Gov. J.B. Pritzker inherited a $2.8 billion budget deficit the moment he stepped into office. Next year, that deficit is projected to be $3.4 billion1. It’s the same story every budget season. But Illinois’ budget crises could be a thing of the past if the state would adopt pension reform, right-size its union contracts and...View Report
Pritzker’s first budget address exalted the graduated income tax as a solution to the state’s fiscal problems. Despite evidence to the contrary, the governor is urging state lawmakers to speedily advance the measure.
The Illinois House voted for a statewide $15 minimum wage – adding $1.1 billion to the state payroll, courtesy of Illinois taxpayers.
An amendment to scrap Illinois’ constitutional flat tax protection is gaining sponsors in the Illinois Senate. Lawmakers have refused to discuss rates since those details killed the last progressive tax attempt.
Ahead of Gov. Pritzker’s first budget address, one of the “big three” credit rating services warned the new governor against raising taxes.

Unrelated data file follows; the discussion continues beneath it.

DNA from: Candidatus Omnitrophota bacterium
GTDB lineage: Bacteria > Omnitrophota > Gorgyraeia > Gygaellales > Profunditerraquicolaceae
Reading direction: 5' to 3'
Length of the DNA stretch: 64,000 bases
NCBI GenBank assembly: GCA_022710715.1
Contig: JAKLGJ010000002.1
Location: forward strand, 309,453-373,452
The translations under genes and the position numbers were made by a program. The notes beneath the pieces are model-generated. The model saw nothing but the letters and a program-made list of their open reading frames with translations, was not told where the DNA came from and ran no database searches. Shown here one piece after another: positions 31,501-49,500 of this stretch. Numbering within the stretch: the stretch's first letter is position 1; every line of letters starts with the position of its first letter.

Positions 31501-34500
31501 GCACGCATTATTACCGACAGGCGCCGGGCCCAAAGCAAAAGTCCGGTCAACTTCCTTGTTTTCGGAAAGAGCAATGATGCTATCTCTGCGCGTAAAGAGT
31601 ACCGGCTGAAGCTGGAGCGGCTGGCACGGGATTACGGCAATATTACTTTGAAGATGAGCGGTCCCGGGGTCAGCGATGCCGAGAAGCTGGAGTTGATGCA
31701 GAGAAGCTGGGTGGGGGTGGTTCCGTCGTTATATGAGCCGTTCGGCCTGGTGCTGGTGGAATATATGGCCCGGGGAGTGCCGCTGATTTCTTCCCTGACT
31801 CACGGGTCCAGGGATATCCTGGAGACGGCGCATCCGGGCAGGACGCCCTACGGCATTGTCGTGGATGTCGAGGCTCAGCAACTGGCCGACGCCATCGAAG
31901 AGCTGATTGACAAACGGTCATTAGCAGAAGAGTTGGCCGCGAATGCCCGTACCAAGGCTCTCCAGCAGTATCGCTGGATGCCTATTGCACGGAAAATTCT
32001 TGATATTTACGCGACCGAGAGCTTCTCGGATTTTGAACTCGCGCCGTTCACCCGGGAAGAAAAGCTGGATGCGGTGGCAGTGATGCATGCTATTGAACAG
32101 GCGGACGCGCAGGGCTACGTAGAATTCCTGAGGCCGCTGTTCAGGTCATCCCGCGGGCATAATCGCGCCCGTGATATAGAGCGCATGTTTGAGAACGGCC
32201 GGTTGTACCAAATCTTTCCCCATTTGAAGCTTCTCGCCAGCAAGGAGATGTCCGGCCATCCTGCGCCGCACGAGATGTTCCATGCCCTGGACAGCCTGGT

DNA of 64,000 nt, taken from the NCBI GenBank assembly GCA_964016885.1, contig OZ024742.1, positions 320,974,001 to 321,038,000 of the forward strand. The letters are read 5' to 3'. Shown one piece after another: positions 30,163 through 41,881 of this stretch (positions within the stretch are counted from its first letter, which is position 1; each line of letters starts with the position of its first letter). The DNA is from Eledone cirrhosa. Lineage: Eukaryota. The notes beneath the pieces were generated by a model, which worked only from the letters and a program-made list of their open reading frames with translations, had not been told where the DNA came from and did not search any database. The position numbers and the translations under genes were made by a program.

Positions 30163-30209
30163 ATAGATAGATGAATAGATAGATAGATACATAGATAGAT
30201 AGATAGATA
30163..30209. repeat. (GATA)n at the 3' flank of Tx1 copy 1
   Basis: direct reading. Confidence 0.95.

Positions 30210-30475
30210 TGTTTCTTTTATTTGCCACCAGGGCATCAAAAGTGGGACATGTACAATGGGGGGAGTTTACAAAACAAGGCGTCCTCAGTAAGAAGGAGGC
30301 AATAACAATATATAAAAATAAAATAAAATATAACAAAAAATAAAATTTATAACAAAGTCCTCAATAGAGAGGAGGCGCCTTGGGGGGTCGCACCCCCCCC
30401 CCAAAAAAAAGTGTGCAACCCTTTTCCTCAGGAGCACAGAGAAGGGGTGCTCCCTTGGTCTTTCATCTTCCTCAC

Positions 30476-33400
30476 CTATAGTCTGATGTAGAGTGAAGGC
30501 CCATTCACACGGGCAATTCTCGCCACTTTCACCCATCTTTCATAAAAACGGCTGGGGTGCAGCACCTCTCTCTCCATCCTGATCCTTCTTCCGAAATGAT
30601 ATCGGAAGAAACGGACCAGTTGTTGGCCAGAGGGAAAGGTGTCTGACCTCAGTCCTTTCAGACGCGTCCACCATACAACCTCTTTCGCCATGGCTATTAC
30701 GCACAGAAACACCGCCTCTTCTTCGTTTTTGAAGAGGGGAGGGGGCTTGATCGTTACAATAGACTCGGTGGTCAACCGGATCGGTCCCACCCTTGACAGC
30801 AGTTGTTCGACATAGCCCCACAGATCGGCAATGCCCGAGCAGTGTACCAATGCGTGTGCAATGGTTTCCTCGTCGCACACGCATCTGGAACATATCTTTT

Political promises aren’t much protection for middle class pocketbooks.
Madigan’s 2016 primary opponent filed a lawsuit alleging the House speaker recruited “sham” candidates in order to dilute opposition.
A lawmaker would only be allowed to serve in the powerful role of Illinois House speaker for a maximum of eight years under a proposed constitutional amendment recently introduced in the General Assembly.
What’s important for Illinoisans to know now is not just whether politically powerful people such as Burke and Madigan broke the law, but how the law itself encourages indecent behavior.
On Jan. 29 the Illinois House of Representatives voted on new House Rules, but none of the new rules addressed the unparalleled power the Speaker of the House is given over the legislative process.
A glut of $10,000-a-head committee chair positions has been a key tool for House Speaker Mike Madigan to maintain power over members.